Properties essential to make a Fiber

 

Each fiber has particular properties which help us to decide which particular fiber should be used to suit a particular requirement. Certain fiber properties increase its value and desirability in its intended end-use but are not necessary properties essential to make a fiber.

Fiber Properties for specific requirements

The utility of fibers is broadly categorized into 2 different uses- one is Apparel or Domestic use and the other is Industrial use. In order to be used in each of these categories, the fiber has to meet some specific requirements. They are:

Apparel/Domestic Requirements:

  • Tenacity: 3 – 5-gram denier
  • Elongation at break: 10 – 35%
  • Recovery from elongation: 100% at strains up to 5%
  • Modulus of elasticity: 30 – 60-gram denier
  • Moisture absorbency: 2 – 5%
  • Zero strength temperature (excessive creep and softening point):
    above 215°C
  • High abrasion resistance (varies with type fabric structure)
  • Dye-able
  • Low flammability
  • Insoluble with low swelling in water, in moderately strong acids
    and bases and conventional organic solvents at room temperature
    to 100°c
  • Ease of care

Industrial Requirements

Tenacity: 7 – 8 grad denier

Elongation at break: 8 – 15%

Modulus of elasticity: 80 grad denier or more conditioned, 50 grad denier wet

Zero strength temperature: 250° C or above

Basic Textile Fiber Properties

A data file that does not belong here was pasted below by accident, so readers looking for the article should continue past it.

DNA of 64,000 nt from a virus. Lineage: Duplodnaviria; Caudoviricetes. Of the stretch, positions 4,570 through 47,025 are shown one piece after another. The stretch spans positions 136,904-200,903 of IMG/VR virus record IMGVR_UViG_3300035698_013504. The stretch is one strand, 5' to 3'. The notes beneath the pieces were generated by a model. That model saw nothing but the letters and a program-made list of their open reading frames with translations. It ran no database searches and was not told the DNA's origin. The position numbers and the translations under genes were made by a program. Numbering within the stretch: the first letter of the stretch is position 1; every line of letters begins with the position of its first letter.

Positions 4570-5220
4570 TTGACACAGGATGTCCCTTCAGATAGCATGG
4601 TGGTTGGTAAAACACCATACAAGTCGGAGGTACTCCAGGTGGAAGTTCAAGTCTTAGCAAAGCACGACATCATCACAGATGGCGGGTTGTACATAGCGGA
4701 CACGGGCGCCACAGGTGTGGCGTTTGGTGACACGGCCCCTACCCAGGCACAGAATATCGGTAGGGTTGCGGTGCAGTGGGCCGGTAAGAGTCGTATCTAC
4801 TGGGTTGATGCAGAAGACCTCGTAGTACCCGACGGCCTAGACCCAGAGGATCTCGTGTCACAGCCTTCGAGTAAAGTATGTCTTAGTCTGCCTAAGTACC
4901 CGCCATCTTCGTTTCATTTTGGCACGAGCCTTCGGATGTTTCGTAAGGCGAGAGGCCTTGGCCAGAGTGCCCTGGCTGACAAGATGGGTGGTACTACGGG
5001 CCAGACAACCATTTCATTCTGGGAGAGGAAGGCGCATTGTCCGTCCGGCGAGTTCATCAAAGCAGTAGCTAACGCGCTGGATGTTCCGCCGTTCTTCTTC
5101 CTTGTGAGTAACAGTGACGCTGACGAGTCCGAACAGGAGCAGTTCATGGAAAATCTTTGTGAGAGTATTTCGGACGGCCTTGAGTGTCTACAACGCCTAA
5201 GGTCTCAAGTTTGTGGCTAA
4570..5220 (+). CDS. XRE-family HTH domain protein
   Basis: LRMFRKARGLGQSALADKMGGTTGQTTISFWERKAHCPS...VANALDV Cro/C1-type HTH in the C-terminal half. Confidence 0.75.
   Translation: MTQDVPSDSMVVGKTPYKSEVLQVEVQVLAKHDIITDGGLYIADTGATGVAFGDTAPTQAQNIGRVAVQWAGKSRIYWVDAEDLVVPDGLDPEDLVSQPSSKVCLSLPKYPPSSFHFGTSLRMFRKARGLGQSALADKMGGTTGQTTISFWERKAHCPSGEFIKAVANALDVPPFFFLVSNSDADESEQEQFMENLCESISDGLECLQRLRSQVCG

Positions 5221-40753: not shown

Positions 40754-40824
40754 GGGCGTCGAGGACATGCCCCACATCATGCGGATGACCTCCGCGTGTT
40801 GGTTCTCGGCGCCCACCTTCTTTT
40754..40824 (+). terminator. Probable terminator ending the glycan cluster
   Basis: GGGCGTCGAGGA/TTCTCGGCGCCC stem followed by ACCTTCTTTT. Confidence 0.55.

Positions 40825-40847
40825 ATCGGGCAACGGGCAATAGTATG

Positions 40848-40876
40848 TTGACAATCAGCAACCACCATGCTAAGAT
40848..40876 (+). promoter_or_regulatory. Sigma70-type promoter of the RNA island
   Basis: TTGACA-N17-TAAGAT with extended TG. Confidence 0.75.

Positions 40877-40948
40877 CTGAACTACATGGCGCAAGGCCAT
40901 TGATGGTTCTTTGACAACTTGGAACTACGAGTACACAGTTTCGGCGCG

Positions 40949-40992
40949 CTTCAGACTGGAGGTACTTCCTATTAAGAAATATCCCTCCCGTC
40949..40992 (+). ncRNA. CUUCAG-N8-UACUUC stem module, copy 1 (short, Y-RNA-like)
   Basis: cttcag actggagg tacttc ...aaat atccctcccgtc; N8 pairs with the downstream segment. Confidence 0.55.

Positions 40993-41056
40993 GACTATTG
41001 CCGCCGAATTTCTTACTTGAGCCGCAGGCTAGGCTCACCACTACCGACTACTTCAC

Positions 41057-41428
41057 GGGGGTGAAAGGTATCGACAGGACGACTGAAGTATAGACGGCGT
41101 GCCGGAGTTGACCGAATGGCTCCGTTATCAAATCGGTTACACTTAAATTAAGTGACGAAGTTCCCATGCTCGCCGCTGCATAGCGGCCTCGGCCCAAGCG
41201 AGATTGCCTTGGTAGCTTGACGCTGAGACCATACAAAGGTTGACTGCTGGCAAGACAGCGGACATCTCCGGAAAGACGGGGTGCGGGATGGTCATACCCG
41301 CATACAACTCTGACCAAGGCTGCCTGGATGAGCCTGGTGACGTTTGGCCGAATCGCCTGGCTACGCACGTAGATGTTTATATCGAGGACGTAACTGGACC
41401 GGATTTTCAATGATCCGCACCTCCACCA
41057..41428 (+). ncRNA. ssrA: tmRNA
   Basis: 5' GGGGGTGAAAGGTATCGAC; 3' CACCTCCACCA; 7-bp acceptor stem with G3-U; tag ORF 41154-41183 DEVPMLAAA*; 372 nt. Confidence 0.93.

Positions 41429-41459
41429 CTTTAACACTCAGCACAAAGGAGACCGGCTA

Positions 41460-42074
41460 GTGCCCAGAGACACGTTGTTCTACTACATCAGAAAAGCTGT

There are several primary properties necessary for a polymeric material to make an adequate fiber. Certain other fiber properties increase its value and desirability in its intended end-use but are not necessary properties essential to make a fiber. Such secondary properties include moisture absorption characteristics, fiber resiliency, abrasion resistance, density, luster, chemical resistance, thermal characteristics, and flammability.

Some Primary Properties of Textile Fibers are:

Fiber length to width ratio,

Fiber uniformity,

Fiber strength and flexibility,

Fiber extensibility and elasticity, and

Fiber cohesiveness.

How heat affects Textile Fiber’s properties

Heat helps the fiber /fabric to gain certain special qualities at certain times and are also harmful at other times. But under special guidance, heat helps fiber acquire the following characteristics

Softening, melting, or decomposition temperatures

The tendency of the fiber and fabric to shrink when heat-relaxed, or stretch when heated and under tension

The ability of the fabric to heat set

The ability of the fabric to function properly at elevated temperatures at one time or repeated use

The ability of the fabric to function properly at room temperature (or some other lower temperature) after

exposure at high temperature for a given period of time

Thermal Properties of Common Fibers:

Density and Moisture Regain of Fibers:

The chemical composition of some common fibers:

The diameter of Natural and Melt blown Fibers:

Effects of Acids on Common Fibers – Comparison:

Effects of Alkalies on Common Fibers – Comparison:

Effects of Organic Solvents on Common Fibers – Comparison:

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